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Published June 3, 2017

When I was a teenager, I saw a local production of George Orwell’s Animal Farm – an experience which in many ways helped prepare me for seeing the George Orwell’s classic 1984. Orwell’s key political insights are not something that would be associated with being translatable onto the stage, and yet this play manages to do so very well. That being said, aside from possibly reading up on the Khmer Rouge or North Korea (or the book itself), there is very little that can prepare you for this play. Updated for the modern world, this play is terrifying and enlightening in equal measure, and is definitely something worth seeing.

You will leave the play with a new appreciation for Orwell’s work, and, ideally, the world we live in.

Tom Conroy onstage in 1984. Photo by Shane Reid.

The play, created by Robert Icke and Duncan Macmillan, really hammers home the psychological nature of the story. What is real and true as opposed to fiction, how fear truly warps the individual, rebellion, love, insanity, and the nature of totalitarianism are all explored in detail, and the audience is often left wondering how much of the play is “real” and how much is simply the fevered imaginings of a broken man. Tom Conroy plays a rather Orwell-like Winston Smith (all anxiety and mildly egotistical), and has a fantastic stage relationship with Ursula Mills (Julia), whilst Terence Crawford portrays the slightly sinister yet oddly banal O’Brien in a wonderful way that will leave you feeling creeped out.

Icke and Macmillan have also managed to convey the core philosophy of the original story really well, and so little is lost in the translation that it really is quite something.

There is no need to reiterate the plot here, suffice to say that they stayed true to the plot of the book very well (there were some aspects which weren’t included, but that was more due to the nature of the stage as against the nature of a book). There was however a very interesting “prologue” and “epilogue” to the play that was not in the book. Although these bookends to the play may simply be part of Smith’s delusions (as is hinted at parts of the dialogue), they could also be characters looking back. They certainly act as a stand-in for the audience regardless, and there is plenty of meta-discussion about what “the book” actually means and how it impacts our lives. This was a highly effective mechanism to introduce the play, as well as give it a far more psychological edge.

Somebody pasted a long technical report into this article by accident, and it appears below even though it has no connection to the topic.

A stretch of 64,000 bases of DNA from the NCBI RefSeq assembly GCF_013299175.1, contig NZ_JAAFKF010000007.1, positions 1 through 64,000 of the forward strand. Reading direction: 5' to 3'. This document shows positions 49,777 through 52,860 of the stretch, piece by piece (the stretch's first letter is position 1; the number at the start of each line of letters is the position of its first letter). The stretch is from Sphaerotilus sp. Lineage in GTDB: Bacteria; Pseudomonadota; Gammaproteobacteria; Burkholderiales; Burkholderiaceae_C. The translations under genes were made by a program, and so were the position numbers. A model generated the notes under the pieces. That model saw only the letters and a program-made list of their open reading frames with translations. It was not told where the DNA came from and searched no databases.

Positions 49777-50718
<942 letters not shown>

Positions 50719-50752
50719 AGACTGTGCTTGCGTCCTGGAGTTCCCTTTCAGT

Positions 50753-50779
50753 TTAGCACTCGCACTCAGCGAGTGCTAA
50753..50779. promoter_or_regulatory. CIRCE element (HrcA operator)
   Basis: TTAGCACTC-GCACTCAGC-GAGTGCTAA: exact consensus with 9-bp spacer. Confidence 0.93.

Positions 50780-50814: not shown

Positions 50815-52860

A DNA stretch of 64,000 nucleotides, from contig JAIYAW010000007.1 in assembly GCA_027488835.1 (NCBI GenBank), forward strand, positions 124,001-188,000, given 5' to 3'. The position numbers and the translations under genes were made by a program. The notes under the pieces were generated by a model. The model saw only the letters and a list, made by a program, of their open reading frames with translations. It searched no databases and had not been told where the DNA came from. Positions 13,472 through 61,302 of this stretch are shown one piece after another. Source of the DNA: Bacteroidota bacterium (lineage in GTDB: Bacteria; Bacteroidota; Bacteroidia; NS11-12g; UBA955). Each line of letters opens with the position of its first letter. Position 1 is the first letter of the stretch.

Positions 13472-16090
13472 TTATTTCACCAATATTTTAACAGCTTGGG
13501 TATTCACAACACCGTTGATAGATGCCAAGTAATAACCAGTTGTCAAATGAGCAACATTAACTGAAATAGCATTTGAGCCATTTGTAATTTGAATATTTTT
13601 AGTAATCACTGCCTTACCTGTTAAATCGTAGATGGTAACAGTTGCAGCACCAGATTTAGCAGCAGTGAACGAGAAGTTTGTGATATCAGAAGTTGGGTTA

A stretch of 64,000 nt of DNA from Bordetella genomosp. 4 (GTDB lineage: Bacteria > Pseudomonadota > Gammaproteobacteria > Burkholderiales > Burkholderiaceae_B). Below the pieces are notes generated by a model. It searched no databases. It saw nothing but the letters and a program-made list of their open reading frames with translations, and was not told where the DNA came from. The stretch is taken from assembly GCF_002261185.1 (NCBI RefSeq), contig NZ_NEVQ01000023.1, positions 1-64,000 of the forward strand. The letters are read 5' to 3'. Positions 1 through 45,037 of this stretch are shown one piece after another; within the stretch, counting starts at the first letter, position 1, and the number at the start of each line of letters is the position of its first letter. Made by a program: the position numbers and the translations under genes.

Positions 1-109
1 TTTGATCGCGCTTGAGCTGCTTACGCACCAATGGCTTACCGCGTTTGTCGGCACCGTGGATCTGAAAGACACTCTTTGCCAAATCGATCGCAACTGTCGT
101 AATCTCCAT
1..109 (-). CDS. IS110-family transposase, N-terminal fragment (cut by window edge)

Photo by Shane Reid

As an aside, all the great quotes and phrases from the book make an appearance. “Newspeak”, “rebel from the waist down”, “double think”, and everything else all appear, and really give them meaning and a human touch that can sometimes be missing from a book.

What made the play really stand out however was the use of special effects and lights. A television screen was used to view small details (such as writing in a book), or to catch action happening “offscreen”. The style of film gave these scenes a very human and “old-school” feel, as well as really emphasised the “being watched” nature of the play. But that was the least engaging element of the play. The bright lights and loud noises that periodically hit the audience throughout the play left the audience feeling disorientated – which combined with the effective use of rapid stage changes make the audience feel uncomfortable and on edge.

And nowhere has there been a more realistic torture scene onstage. The Ministry of Love scenes are really something else entirely, and manage to convey that feeling of insanity and broken reality effectively.

Overall, a strong play, and definitely something that should be seen if you get the chance. Even if you haven’t read the book, you will appreciate the play for its technical brilliance and strong themes, which, in this world of political instability and “post-truths”, I think we all need.

 

After hugely successful West End seasons, 1984 is currently touring Australia. It’s on at the Comedy Theatre in Melbourne until 10 June. Tickets are available online and at the Comedy Theatre box office. After that it heads to Sydney, Canberra and Perth. For more information and tickets to shows in the other major cities, head to the 1984 website.

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